The estimable UK site, The Bookseller, reports on the BEA presentation of our latest Verso Survey–conducted in cooperation with the American Booksellers Association. Check it out.
Learn about the results of the Verso Survey of Book-Buying Behavior
At the 2010 Digital Book World Conference, Verso presented the results of our first “Survey of Book-Buying Behavior” â€” creating a stir there that resonated with publishers, booksellers and readers as far away as England and Australia. Powered by the expertise of Burst Media, the Survey was conducted across the full breadth of the Reader Channel network in two waves during November and December, 2009. The Survey polled 5,640 book-buying respondents, weighted to mirror the U.S. adult population. Adhering to the highest standards of online survey data collection, the results are statistically reliable within a 1.6 percentage-point margin of error, at a 95% probability level.
Early reports from Publishers Lunch followed up on the Survey’s implications for two of the hottest topics in publishingâ€”e-book piracy and e-book pricingâ€”and generated immediate interest in book industry circles. The American Booksellers Association immediately saw how the Survey provides actionable data for their members, and invited Verso’s director of business development, Jack McKeown, to Winter Institute (Wi5) to give a keynote address on what the results mean for independent booksellers.
By Verso’s Media Department
Places We Love to Advertise Books:
.com â€” Do you know about the “Home Page Advantage Pop-Up Menu”? It delivers over 30,000,000 impressions for a very low $1 CPM, and it’s a great place to advertise well-known brands. Our clients who publish a popular diet book loved it so much that they doubled the length of their campaign after first-wave results came in.
â€“ Consistently a great place for books. It can nicely complement a television campaign and is extremely targeted. We have run many campaigns for everything from vampire books to children’s books, with great success.
â€” These general news sites are not only a good place to reach a broad audience for a relatively inexpensive CPM, but they also do a great job of increasing awareness about books in many bestselling genres, from business to fiction.
Phone Kiosks / Billboards â€” Phone kiosks continue to be an affordable way to advertise books. We can target by city and even by neighborhood, and kiosks start for as little as $250 each. We’ve recently secured some great deals on billboards in NY and LAâ€”on Sunset Blvd in LA, and Times Square for as little as $40,000 for 4 weeks.
By Verso’s Creative Team
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In the age of complexity, we respond to simplicity. This is as true for good ad design as it is for services like Google search and products like Apple’s iPhone. But two forces, one a legacy of print and the other from the bleeding edge of technology, are leading to more and more complex ads, and this is not necessarily a good thing. In a recent article in Ad Age, ad-effectiveness researcher Philip Sawyer observes that declining click-through rates in display ads may be stemming from increasingly complex ads.
Part of the problem is that technology allows creative departments to do so much more now than we ever could before. From expanding boxes to in-banner video to data-intensive Flash tricks, it’s suddenly affordableâ€”both in ad cost and memory costâ€”to produce exceedingly fancy digital ads. There’s a natural temptation to use all the tools at your disposal for every adâ€”as if a banner that uses 100k memory is somehow necessarily better than one that only uses 20k. But complexity is often the enemy of communication.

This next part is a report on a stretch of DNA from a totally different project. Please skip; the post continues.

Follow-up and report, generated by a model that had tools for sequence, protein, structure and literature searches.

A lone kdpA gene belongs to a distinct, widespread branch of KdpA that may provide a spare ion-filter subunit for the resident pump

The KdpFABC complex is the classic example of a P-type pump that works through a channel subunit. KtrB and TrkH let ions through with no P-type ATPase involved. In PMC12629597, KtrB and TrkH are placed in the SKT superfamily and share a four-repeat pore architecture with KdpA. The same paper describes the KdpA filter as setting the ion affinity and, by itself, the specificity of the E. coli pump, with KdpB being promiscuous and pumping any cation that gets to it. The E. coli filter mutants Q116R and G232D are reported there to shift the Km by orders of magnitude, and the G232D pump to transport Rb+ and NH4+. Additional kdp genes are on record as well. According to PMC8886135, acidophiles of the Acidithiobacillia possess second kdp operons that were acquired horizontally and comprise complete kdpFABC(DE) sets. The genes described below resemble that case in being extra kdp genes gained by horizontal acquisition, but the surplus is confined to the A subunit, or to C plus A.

By Dan Sharkey
In spite of all the energy marketers are dedicating to harnessing the power and promise of new media, America remains a nation firmly entrenched in front of its television set. There remains no better way to reach a large, mass audience than by advertising on this time-honored medium. But while the incredible reach of TV advertising is alluring, the cost is often prohibitive to book publishers. Cable channels can provide a cheaper, more targeted alternative to network buys, but even this requires a significant investment that is not always possible for publishers with large lists and limited marketing budgets.
In our ongoing search for new and more effective ways to advertise books, Verso is working with a new media partner that specializes in promotional television sponsorships. Extremely cost efficient and providing tremendous reach and frequency for a relatively small out of pocket, these “sponsorships” are essentially remnant ad space offered on a specific cable provider on a per market basis. For example, for one recent campaign, we purchased both Verizon Fios and RCN in NYC; for another campaign, we purchased Comcast in San Francisco and Cox in Washington DC. Unlike true remnant inventory the spots provided will always air in the strongest dayparts, between 6AM and midnight. Furthermore, our most recent campaign (targeting adults 50+) saw our spots running on highly rated and commercial programming such as Anderson Cooper 360, Larry King Live, Glenn Beck, The Dog Whisperer, Man vs. Wild, Desperate Housewives (Lifetime) and Grey’s Anatomy (Lifetime).
The chart below highlights the exceptional efficiency of these promotional buys:
Location-based marketing comes into its own
By Tom Thompson
One of the most promising new ways to let people know about books is location-based marketing. Of course location-based marketing has been around as long as there’ve been street teams, billboards and bar coasters, but the field is opening up in exciting new directions thanks to recent innovations.